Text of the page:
A Beginner’s Guide To Limited Company Director Mortgages

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Mortgages for limited company directors can be more complicated than other kinds of self-employed mortgages. Still, they’re much simpler to secure if you know where to get the best advice. In this guide to limited company director mortgages, we cover various topics, including the typical requirements for these products, how to provide proof of your income, and much more.

Eligibility

Limited company directors can choose from various mortgage options, and there are mortgage lenders who specialize in this market. Finding a lender such as the Right Mortgage UK  who comprehends your employment status is crucial if you’re a limited company director. This is because the manner you must report your income and how it will be appraised will differ from a client in full-time employment.

Your trading history matters

In general, getting a mortgage requires that you have been trading for at least 12 months (the only exception is for doctors and other professionals who are potentially eligible with a lesser trading history subject to evidence of contracted future income).

Although a complete set of accounts for a tax year is ideal, some lenders will accept a rolling 12-month snapshot instead of waiting for you to finish the second tax year before submitting your application if your trading year covers two tax years.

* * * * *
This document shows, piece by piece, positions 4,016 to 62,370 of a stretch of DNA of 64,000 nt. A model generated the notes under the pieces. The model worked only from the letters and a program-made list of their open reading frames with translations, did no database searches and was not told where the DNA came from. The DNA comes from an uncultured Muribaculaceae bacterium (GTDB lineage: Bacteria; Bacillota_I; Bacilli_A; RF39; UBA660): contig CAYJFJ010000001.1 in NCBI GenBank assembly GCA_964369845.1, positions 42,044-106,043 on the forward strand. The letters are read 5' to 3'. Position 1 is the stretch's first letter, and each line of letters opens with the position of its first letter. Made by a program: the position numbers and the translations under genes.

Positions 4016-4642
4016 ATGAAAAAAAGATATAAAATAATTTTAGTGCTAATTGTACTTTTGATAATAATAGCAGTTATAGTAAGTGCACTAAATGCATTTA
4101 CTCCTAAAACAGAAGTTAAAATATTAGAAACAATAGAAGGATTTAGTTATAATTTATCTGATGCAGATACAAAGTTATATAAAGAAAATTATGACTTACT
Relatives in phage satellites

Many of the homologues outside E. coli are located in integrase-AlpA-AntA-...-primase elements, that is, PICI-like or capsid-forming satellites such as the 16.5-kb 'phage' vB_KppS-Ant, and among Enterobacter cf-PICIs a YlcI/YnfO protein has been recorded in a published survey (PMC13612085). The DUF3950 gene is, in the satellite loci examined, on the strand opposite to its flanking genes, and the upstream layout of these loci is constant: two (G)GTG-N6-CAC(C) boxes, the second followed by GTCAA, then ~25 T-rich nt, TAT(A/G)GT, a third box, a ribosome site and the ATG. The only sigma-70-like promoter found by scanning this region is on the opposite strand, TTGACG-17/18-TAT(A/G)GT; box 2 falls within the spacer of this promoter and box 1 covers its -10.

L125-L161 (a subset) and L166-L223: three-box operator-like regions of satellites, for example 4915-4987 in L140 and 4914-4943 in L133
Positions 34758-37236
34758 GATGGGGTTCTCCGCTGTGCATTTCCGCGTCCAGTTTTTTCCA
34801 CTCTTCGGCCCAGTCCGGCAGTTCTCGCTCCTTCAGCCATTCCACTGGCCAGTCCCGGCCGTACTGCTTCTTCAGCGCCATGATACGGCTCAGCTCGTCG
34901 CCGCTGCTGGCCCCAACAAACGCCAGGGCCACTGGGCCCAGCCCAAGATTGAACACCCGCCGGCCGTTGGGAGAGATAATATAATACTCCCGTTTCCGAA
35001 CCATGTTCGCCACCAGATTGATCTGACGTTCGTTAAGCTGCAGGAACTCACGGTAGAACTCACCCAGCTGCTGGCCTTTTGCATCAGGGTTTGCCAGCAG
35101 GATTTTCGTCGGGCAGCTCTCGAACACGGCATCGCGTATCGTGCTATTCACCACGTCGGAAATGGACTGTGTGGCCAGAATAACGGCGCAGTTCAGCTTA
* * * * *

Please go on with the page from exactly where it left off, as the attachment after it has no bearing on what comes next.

How will my income be determined?

A lender will want to see all of your income from your business and other sources, including Buy to Let homes or other PAYE income. They will also consider your partner’s income if you want a shared mortgage.

PAYE salary

You typically receive a little compensation as a Limited Company Director. Usually, this is limited to the yearly pre-tax allowance of £12,570.

Dividends

Additionally, you receive dividend payments from your earnings. In general, you can borrow more money the more money you earn. Your lender will examine your end-of-year accounts and your tax year overview and calculation from HMRC to determine this income.

Profit retained

The profit retained in your company is profit that hasn’t yet been distributed. This is money you haven’t yet withdrawn, which some lenders will consider as proof of the viability of your company. Please keep this in mind and let your mortgage advisor know if this is a more advantageous figure for you since some lenders will also replace income + dividends with salary + net profit.

Deposit amount

Whether your mortgage application is simple (i.e., no adverse credit, sufficient evidence of income, etc.) or complicated (i.e., adverse credit, etc.), the amount of deposit company directors are requested to place will likely vary.

Most specialty lenders will accept a 15% deposit as a standard; one specialist lender, however, will consider a 95% loan to value ratio (LTV) under certain conditions. You might need to meet a higher criterion depending on the nature and recentness of your credit concerns.

The takeaway

Consulting a mortgage broker who specializes in helping people who trade in this way could mean the difference between mortgage approval and being disappointed.

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